Hepatic Methionine-enkephalin may interfere with response to antiviral therapy in chronic hepatitis C

ArticleinEuropean journal of gastroenterology & hepatology 24(4):427-30 · April 2012with6 Reads
Impact Factor: 2.25 · DOI: 10.1097/MEG.0b013e3283509197 · Source: PubMed
Abstract

The immunoreactivity of methionine-enkephalin (Met-enkephalin), one of the endogenous opioid peptides, is expressed in the liver in different types of chronic diseases. This finding suggests that the liver may be a source of endogenous opioids in disease state. In-vitro studies have shown that morphine, which exerts its effect by binding to opioid receptors, enhances hepatitis C virus replication and that it interferes with the antiviral effects of interferon. Thus, it was hypothesized that liver-derived endogenous opioids, which also bind to opioid receptors, may interfere with the response to antiviral therapy with interferon. To correlate the expression of Met-enkephalin immunoreactivity (MEIR) in the liver of patients with chronic hepatitis C with their response to treatment with pegylated interferon and ribavirin. We sought to investigate the expression of the immunoreactivities of Met-enkephalin and of the δ-opioid receptor 1 (DOR1), to which Met-enkephalin binds, preferentially, in liver samples from 23 patients with chronic hepatitis C who had undergone antiviral therapy. Twelve patients obtained a sustained virological response, and 11 patients were relapsers after or nonresponders to treatment. Among the 12 patients with sustained virological response, one patient (8.3%) expressed MEIR and another one expressed DOR1 immunoreactivity (8.3%), whereas none of the patients expressed both immunoreactivities. Among the group of nonresponders/relapsers, one patient expressed MEIR (9%), two patients expressed DOR1 immunoreactivity (18.2%), and seven patients expressed both (63.6%). The difference between responders and nonresponders in the expression of both immunoreactivities was significantly different (P<0.001). Our data are in favor of the hypothesis that enhanced expression of MEIR and DOR1 immunoreactivity correlates with poor response to antiviral therapy that includes interferon. Thus, this study provides a rationale to study the effect of opiate antagonists in combination with antiviral therapy with interferon and ribavirin in patients who express MEIR in the liver and who have not responded to or who have relapsed after treatment with those antiviral medications.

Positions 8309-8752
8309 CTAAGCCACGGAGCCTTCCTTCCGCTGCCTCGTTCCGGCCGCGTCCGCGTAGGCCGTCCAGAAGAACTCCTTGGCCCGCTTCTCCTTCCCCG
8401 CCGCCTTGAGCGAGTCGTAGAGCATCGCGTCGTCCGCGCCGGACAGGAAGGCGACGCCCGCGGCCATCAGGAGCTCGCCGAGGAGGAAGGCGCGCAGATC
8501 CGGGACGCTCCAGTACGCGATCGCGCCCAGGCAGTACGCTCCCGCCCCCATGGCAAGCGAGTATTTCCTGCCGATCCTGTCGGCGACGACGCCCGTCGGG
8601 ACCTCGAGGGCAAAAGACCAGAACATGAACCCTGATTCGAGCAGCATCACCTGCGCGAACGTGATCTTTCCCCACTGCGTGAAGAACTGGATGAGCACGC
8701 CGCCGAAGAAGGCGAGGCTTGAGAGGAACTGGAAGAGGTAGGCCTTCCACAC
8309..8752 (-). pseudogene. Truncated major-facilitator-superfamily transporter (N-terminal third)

• [Show abstract] [Hide abstract] ABSTRACT: This paper is the thirty-fifth consecutive installment of the annual review of research concerning the endogenous opioid system. It summarizes papers published during 2012 that studied the behavioral effects of molecular, pharmacological and genetic manipulation of opioid peptides, opioid receptors, opioid agonists and opioid antagonists. The particular topics that continue to be covered include the molecular-biochemical effects and neurochemical localization studies of endogenous opioids and their receptors related to behavior (Section 2), and the roles of these opioid peptides and receptors in pain and analgesia (Section 3); stress and social status (Section 4); tolerance and dependence (Section 5); learning and memory (Section 6); eating and drinking (Section 7); alcohol and drugs of abuse (Section 8); sexual activity and hormones, pregnancy, development and endocrinology (Section 9); mental illness and mood (Section 10); seizures and neurologic disorders (Section 11); electrical-related activity and neurophysiology (Section 12); general activity and locomotion (Section 13); gastrointestinal, renal and hepatic functions (Section 14); cardiovascular responses (Section 15); respiration and thermoregulation (Section 16); and immunological responses (Section 17).
    Full-text · Article · Oct 2013 · Peptides
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